My mom hated three foods: Fish, city chicken, and ship wreck. It’s no surprise she never prepared these in her own kitchen.
I never really knew what city chicken or ship wreck was, but often mentioned these foods to her because she would go on lighthearted rants about how much she hated them and they always made me giggle.
City chicken was a dish her own mother used to make (quite frequently, I take it), and she described it as skewers of chewy, dry cubes of meat. On the other hand, ship wreck was a dish her mother-in-law Jane prepared and she never actually described it so I assumed it was too horrible for words.
Imagine my surprise when I found Jane’s recipe for ship wreck in her old church cookbook. I found nine other recipes Jane had submitted to the cookbook which inspired me to embark on a journey to cook them all.
I never really knew my grandmother Jane. She had suffered a stroke that made it hard for to speak by the time we could form memories and she passed away when I was in sixth grade. Plus, my grandparents all lived out-of-state.
I do know that she loved us, as she would always give me a special figurine from her collection when we visited, and I can already gather that she loved to cook.
What better way to kick off this journey by beginning with ship wreck.
Her recipe for ship wreck is vague, like many other recipes in this old church cookbook, which meant I had to guess in places. I’m sure I will be much the same someday, as I find it nearly impossible to stick to a recipe or measure anything exactly.
Did this ship wreck actually taste like a ship wreck? Let’s find out!
1-1/2 lb. ground beef, seasoned and browned (I used 1 lb. lean ground beef and seasoned it with salt, pepper, and half a
leftover packet of Goya Sazon).
Sliced onions (about 1/2 onion)
Sliced raw potatoes (2 small organic russets)
1/2 can kidney beans
1/4 cup uncooked rice
Chopped celery, if desired (I used two small stalks)
1 can cream of tomato soup (I have no idea what this is. I used a small box of organic tomato bisque).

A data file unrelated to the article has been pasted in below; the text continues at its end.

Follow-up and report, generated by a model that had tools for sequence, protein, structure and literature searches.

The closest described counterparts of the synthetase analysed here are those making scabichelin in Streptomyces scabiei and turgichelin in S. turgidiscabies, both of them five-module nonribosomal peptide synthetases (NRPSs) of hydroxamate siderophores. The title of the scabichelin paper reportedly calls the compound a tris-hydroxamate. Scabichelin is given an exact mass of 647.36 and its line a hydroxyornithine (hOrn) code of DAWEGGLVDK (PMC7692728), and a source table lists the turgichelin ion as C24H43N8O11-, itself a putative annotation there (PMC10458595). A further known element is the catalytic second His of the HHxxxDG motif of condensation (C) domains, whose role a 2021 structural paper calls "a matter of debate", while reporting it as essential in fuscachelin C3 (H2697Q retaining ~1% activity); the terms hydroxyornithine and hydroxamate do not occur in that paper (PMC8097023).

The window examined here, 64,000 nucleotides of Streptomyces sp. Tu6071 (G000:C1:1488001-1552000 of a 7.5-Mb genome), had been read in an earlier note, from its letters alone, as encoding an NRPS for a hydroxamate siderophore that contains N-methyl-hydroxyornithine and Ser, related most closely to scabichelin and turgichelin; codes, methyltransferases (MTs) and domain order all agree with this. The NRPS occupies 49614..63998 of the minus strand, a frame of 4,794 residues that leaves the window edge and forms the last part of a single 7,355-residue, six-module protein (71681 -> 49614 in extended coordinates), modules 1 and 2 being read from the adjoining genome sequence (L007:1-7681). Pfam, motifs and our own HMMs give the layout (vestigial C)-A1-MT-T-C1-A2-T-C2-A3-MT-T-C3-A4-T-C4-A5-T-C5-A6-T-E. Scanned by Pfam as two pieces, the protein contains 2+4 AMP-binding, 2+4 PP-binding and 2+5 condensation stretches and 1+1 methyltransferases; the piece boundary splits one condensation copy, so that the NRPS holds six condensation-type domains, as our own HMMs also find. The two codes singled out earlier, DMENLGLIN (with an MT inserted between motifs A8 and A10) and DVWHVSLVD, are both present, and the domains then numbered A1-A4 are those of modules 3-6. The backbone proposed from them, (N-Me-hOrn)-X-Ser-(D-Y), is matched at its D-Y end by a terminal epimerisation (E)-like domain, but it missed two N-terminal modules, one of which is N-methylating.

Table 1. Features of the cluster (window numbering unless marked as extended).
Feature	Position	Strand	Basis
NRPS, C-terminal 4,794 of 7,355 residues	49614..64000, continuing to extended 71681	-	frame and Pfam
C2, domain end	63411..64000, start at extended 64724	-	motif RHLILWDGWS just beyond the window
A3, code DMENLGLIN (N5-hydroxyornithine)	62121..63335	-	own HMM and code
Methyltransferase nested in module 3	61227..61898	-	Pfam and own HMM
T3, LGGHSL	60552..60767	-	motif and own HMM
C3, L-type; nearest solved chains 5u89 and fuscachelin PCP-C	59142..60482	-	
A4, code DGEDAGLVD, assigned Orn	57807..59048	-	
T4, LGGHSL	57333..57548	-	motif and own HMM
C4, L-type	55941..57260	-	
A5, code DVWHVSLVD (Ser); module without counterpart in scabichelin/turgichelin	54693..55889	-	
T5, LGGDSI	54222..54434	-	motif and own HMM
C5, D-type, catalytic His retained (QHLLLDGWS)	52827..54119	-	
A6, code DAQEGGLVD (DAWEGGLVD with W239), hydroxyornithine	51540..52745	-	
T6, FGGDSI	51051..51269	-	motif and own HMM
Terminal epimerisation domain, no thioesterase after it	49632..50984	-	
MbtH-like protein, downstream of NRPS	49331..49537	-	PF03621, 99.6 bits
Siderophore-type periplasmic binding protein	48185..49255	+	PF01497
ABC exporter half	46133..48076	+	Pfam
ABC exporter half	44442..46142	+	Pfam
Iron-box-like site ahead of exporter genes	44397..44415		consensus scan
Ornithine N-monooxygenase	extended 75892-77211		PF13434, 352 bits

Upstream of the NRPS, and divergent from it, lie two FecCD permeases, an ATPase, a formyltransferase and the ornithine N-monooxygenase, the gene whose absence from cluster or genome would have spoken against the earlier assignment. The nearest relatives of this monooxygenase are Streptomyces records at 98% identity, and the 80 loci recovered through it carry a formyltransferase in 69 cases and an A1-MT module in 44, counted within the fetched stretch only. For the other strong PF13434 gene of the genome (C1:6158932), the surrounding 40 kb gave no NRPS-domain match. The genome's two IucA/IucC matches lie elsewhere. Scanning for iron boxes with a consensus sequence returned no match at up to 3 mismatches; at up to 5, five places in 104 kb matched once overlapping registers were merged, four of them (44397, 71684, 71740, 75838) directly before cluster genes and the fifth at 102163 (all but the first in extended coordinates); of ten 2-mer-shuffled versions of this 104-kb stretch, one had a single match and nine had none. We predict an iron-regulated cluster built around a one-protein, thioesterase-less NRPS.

“Top with one can cream of tomato soup and enough water to cover ingredients. Bake, covered, at 350 for 1 hr.”
I used a small glass baking pan. I wasn’t sure if I was supposed to layer the ingredients in that particular order, so I did, starting with the ground beef on the bottom. The recipe called for a vague amount onions and potatoes, so I used enough of each to cover one layer. I also added salt and pepper to the layer of vegetables before I added the soup.
The rice was still raw after an hour of baking, so I baked the casserole until it was tender. Eventually, I uncovered the casserole because it was too liquidy. This allowed some of the water of evaporate, but caused the tomato soup to brown.
Jake and I both liked the casserole. I didn’t like it enough to make it again, but am planning to eat the leftovers. Like Jake said, “How bad can it be? It contains basic ingredients we like, like beans, ground beef, tomato soup, potatoes. . . I’m not sure what was so horrific about ship wreck.”
I’d also like to confess that even though I had set out to prepare the recipes exactly as written, I cheated by adding extra seasoning and am sure my grandparents didn’t have access to fancy, boxed organic soups.
We’ll probably never know what exactly made ship wreck such a horror for my mom. Maybe one of my relatives can shed some more light onto this mystery.
This experiment was fascinating and I’m both excited and nervous about trying the more unusual retro recipes that involve copious amounts of mayo and jello (but not together, thank goodness).